This is not how I clean house!
This is more my style!Many years ago, when I was a young bride-- back in the 1900's, as one of my students used to say-- I read a book called Bonnie's Household Organizer. It changed my life! It taught me some very smart principles of keeping house that can be adapted to any size house, or any schedule. Then I read several of Don Aslett's funny but smart housekeeping books (Do I Dust or Vacuum First?) and adopted some of his ideas. Add Flylady, and you have a perfect combination of housekeeping brilliance! And notice I'm saying house keeping, not just cleaning. Here's the lazy way:
- Place mats or rugs inside and outside doors, and from hard floor to carpets. These will catch lots of dirt before it gets where you don't want it.
- Wipe sinks and faucets after you use them to keep them shiny and prevent spots and buildup. Standing water will cause all kinds of ugly!
- Wipe up spills while they are new-- you can get them up much faster than if you wait.
- Let water and chemicals do most of the work. Spray the cleaner on the spot and let it sit a minute; don't just start scrubbing. Chances are you will be able to wipe it up easily. Water works just as well for dried up food spills.
Set up systems to make things easy and automatic.
- I keep a "Goodwill box" in my closet-- a kitchen trash can, with liner. As soon as I realize that something doesn't fit, or gets replaced, (or my hip daughters veto something that's older than they are) I toss it in the can. As soon as the bag is full, I tie it up and take it to Goodwill. They get the clothes, I get the tax writeoff-- it's a win-win!
- Keep all things that you will use for one project together. For instance, my envelopes, return address labels, and stamps are all in one place. I also keep sympathy, wedding, baby, and birthday cards there. When I'm really with it, I have baby and wedding gift cards there too!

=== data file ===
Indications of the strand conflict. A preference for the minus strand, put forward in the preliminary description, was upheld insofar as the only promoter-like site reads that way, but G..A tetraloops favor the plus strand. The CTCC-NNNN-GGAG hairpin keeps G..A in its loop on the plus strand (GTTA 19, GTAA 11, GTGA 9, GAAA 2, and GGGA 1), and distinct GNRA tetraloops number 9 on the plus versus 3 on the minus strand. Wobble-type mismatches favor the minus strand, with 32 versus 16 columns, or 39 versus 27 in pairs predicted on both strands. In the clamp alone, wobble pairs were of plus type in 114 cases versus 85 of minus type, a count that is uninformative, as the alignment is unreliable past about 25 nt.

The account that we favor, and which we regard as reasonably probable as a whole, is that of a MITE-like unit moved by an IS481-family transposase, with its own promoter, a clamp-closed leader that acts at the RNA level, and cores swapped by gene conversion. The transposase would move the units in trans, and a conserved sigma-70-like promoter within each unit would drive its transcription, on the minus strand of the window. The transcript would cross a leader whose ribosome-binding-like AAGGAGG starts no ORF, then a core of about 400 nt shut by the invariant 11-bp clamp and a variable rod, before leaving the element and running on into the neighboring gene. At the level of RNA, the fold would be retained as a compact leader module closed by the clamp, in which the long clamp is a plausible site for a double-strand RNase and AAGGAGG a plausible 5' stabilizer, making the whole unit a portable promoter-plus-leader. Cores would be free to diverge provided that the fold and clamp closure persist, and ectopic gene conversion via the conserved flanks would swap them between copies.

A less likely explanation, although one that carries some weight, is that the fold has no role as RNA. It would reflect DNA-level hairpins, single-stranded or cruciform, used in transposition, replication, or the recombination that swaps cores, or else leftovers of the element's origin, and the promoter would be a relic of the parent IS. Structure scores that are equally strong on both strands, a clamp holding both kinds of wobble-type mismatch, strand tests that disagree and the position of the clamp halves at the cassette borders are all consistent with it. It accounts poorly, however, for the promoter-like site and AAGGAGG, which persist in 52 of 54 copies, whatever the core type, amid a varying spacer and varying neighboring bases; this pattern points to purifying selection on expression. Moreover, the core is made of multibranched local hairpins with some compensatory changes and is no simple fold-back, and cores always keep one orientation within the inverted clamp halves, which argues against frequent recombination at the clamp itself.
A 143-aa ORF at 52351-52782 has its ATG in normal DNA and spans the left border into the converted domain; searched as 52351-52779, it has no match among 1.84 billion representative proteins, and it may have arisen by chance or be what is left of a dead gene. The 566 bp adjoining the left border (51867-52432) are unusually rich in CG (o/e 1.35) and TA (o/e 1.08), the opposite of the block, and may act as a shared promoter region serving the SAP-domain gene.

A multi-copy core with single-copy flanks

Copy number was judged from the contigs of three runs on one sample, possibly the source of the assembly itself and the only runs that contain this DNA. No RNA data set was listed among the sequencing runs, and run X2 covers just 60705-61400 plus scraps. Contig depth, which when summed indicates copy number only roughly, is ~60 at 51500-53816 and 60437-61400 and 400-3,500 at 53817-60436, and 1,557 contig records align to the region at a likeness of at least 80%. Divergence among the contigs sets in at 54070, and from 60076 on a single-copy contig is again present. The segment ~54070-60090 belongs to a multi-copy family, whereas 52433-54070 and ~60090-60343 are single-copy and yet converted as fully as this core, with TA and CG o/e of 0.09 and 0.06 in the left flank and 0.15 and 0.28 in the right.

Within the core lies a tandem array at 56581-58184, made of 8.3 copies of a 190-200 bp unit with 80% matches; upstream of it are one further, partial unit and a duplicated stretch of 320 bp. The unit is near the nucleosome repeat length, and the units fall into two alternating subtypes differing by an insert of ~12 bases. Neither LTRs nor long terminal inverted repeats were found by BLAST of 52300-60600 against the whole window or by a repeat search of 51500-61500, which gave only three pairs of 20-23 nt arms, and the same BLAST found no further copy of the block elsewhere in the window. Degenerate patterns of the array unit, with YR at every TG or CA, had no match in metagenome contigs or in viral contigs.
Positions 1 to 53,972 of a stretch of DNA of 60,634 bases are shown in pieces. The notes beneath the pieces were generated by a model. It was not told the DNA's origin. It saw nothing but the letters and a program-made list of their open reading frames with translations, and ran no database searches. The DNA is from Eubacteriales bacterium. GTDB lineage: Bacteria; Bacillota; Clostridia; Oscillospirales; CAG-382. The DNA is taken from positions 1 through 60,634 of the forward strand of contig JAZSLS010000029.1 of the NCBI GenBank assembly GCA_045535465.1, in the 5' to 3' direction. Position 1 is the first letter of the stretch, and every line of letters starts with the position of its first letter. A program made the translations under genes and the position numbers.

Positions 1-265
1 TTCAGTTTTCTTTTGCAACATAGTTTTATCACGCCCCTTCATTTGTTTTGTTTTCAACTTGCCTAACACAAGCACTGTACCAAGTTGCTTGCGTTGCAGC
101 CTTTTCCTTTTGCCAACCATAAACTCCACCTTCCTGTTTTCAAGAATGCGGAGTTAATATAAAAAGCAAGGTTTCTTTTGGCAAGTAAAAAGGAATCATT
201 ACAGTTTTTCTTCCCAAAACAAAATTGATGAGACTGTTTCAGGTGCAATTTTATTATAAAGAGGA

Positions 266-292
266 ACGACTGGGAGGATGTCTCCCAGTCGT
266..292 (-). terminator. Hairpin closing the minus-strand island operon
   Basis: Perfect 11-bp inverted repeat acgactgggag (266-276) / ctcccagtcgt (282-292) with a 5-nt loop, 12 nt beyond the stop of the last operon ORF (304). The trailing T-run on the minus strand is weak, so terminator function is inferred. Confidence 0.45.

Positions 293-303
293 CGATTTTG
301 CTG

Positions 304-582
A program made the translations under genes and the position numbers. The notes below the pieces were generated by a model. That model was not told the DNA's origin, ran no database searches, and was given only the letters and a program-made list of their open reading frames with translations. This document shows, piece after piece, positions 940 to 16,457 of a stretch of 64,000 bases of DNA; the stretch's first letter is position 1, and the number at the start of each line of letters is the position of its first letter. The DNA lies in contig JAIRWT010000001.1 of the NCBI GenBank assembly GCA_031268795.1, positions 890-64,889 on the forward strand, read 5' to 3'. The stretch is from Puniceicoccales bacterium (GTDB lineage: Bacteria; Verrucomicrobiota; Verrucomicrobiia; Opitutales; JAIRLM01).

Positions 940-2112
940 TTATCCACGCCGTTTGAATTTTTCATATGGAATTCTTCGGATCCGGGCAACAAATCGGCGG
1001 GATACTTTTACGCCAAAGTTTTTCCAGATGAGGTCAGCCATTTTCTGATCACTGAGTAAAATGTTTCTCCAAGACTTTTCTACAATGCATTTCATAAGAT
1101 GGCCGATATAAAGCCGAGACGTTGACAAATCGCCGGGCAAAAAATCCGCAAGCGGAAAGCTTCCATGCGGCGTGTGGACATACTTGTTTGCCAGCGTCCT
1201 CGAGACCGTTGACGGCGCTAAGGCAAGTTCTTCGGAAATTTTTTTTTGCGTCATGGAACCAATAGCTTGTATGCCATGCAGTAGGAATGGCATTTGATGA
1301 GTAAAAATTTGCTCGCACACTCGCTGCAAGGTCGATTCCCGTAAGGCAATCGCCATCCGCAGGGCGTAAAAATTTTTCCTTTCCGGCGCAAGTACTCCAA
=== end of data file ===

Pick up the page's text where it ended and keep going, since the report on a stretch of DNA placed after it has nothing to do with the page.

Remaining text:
- All of my monthly bills are paid by auto draft. I make sure there is a "pad" of extra money in my account so it won't bounce, and every single payment, even my tithe, comes out automatically. The credit union writes and sends checks to the places that don't accept electronic drafts. Think of the time and postage this saves!
- Keep multiples of items that you use regularly in convenient places. I finally realized that scissors are not that expensive, but walking to the kitchen drawer every time I needed them drove me nuts and gave me one more reason to procrastinate. So now I have one in that drawer, one across the kitchen where I mix things up, and another pair in the desk. All labeled to prevent theft by unscrupulous children.
- If you can clean everything in one session, a cleaning caddy with all your tools works well. I used to do that, but now I can't clean all at once, so I keep cleaner and paper towels under all the sinks so I can give a quick wipe when I get a minute. There's a bathroom cleaner and toilet scrubber in every bathroom.
- Don't clean it unless it's dirty. My bathroom mirror is a huge 5X7 foot one. I'm 5'3' so only a small part above the sink gets splashes. That's the part I wipe every time.
- Keep extra trash bags in the bottom of the can. You don't have to (climb the stepstool if you're like me and) get the box out every single time. Every step you save is some time saved, and that will add up! (Then you can blog some more!)